No real comment about punk, but Michele, YOU are solely responsible for my becoming addicted to the VH1 80s shows.

Joy Division not punk? Come on! Your lead singer hanging himself on the cusp of your greatest success is at least as punk as breaking up at the conclusion of your first U.S. tour for your first album. At least.

And I do think that James overstates the division between punk and new wave as well. New wave was the marketing category that the record labels used to sell punk to mainstream audiences. The Go-Go's, remember, started as a punk band, and are now considered a quaint 80's pop artifact; whereas Blink-182, a power-pop band through and through, are now considered punk. The Ramones considered what they did a put-on in the early days; now they're considered the godfathers of the movement.

Consider: The best-known song by punk's best-known Angry Young Man, Elvis Costello, is "What's So Funny About Peace, Love and Understanding," written by . . . Nick Lowe. (And recorded by his band, Brinsley Schwartz, in a manner that made it clear that its sentiments were being mocked, whereas Costello sold it straight. Or did he?)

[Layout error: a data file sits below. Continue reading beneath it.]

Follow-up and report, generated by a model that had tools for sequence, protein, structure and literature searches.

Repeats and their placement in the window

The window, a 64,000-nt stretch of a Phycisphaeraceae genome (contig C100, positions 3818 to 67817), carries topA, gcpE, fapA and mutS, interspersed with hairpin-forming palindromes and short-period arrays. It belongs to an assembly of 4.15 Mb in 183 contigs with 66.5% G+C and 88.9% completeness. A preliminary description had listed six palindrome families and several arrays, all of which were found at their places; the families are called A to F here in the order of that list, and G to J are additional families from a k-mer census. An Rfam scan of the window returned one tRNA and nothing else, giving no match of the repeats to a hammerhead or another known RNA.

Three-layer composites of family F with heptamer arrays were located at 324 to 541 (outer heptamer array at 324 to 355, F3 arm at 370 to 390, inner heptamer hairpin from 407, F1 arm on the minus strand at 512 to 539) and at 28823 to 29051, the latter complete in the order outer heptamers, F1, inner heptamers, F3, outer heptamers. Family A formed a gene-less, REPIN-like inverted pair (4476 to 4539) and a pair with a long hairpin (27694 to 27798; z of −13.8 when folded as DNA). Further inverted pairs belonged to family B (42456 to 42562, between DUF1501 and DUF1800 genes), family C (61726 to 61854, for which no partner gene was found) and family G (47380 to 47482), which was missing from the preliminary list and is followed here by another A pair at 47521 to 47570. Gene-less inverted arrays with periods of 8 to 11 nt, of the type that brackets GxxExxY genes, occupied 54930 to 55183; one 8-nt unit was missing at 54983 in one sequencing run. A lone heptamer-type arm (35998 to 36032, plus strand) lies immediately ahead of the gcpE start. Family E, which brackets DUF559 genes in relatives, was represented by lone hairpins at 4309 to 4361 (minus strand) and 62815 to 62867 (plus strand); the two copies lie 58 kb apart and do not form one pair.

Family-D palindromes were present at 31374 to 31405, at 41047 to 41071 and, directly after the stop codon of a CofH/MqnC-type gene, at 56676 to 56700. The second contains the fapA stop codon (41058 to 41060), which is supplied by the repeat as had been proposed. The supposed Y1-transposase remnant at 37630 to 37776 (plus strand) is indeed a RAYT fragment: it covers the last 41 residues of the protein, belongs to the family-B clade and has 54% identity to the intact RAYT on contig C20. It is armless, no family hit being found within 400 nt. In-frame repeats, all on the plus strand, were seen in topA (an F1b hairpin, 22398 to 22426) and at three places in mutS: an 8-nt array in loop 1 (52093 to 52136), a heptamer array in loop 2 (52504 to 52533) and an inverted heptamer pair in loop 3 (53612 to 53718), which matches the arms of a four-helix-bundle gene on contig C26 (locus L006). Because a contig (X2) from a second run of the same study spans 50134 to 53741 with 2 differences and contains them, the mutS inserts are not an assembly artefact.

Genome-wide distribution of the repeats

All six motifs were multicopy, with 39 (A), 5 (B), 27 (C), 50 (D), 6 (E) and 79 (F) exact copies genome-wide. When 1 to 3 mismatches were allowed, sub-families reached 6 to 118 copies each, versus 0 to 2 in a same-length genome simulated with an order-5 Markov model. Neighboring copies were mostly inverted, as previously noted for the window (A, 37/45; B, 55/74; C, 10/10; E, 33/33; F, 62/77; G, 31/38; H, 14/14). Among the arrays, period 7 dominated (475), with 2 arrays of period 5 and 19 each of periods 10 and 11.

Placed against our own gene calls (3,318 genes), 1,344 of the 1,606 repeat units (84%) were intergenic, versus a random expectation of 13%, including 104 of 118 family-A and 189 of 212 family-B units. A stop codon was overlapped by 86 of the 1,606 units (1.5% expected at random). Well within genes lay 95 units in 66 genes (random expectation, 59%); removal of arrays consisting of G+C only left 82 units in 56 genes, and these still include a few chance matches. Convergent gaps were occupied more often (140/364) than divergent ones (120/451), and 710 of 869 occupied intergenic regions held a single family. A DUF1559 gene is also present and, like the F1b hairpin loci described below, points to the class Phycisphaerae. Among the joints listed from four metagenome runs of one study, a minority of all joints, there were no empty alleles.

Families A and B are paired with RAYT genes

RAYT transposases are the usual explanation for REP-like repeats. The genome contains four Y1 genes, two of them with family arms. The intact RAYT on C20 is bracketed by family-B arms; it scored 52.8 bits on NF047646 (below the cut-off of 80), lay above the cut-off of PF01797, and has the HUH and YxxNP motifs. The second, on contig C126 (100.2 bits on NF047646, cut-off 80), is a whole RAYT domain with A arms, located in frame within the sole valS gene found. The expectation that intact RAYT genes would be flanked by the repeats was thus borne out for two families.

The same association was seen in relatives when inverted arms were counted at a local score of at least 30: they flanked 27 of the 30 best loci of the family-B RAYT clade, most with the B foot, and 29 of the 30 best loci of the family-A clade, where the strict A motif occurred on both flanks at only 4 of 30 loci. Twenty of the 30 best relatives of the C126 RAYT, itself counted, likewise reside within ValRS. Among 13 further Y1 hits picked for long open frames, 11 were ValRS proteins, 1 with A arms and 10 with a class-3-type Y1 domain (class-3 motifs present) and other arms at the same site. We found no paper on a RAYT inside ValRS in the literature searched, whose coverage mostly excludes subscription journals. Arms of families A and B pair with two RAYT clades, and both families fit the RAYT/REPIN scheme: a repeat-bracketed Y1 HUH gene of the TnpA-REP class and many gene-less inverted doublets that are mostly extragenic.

There was an article about this in my local newspaper. No Sex Pistols because Sex Pistols wouldn't let them. I agree w/ you on Joe Jackson!!

Joy Division and the Cure are New Wave, not punk.

And it's not a punk album without the Sex Pistols.

Enjoy it anyway.

"2-4-6-8 Motorway" = Best. Song. Ever.

"Boys Don't Cry" (the single) was released in 1979.

If you listen to the first half of Joy Division's Substance compilation, you will hear some definite punk songs. Then Barney discovered the synthesizer, and ... well, you know.

Joe Jackson was attempting to have a Serious Musician career, and ended up in the punk scene almost by accident (see also: Sting).

"The Go-Go's... are now considered a quaint 80's pop artifact"

Not by this long-time Go's fan.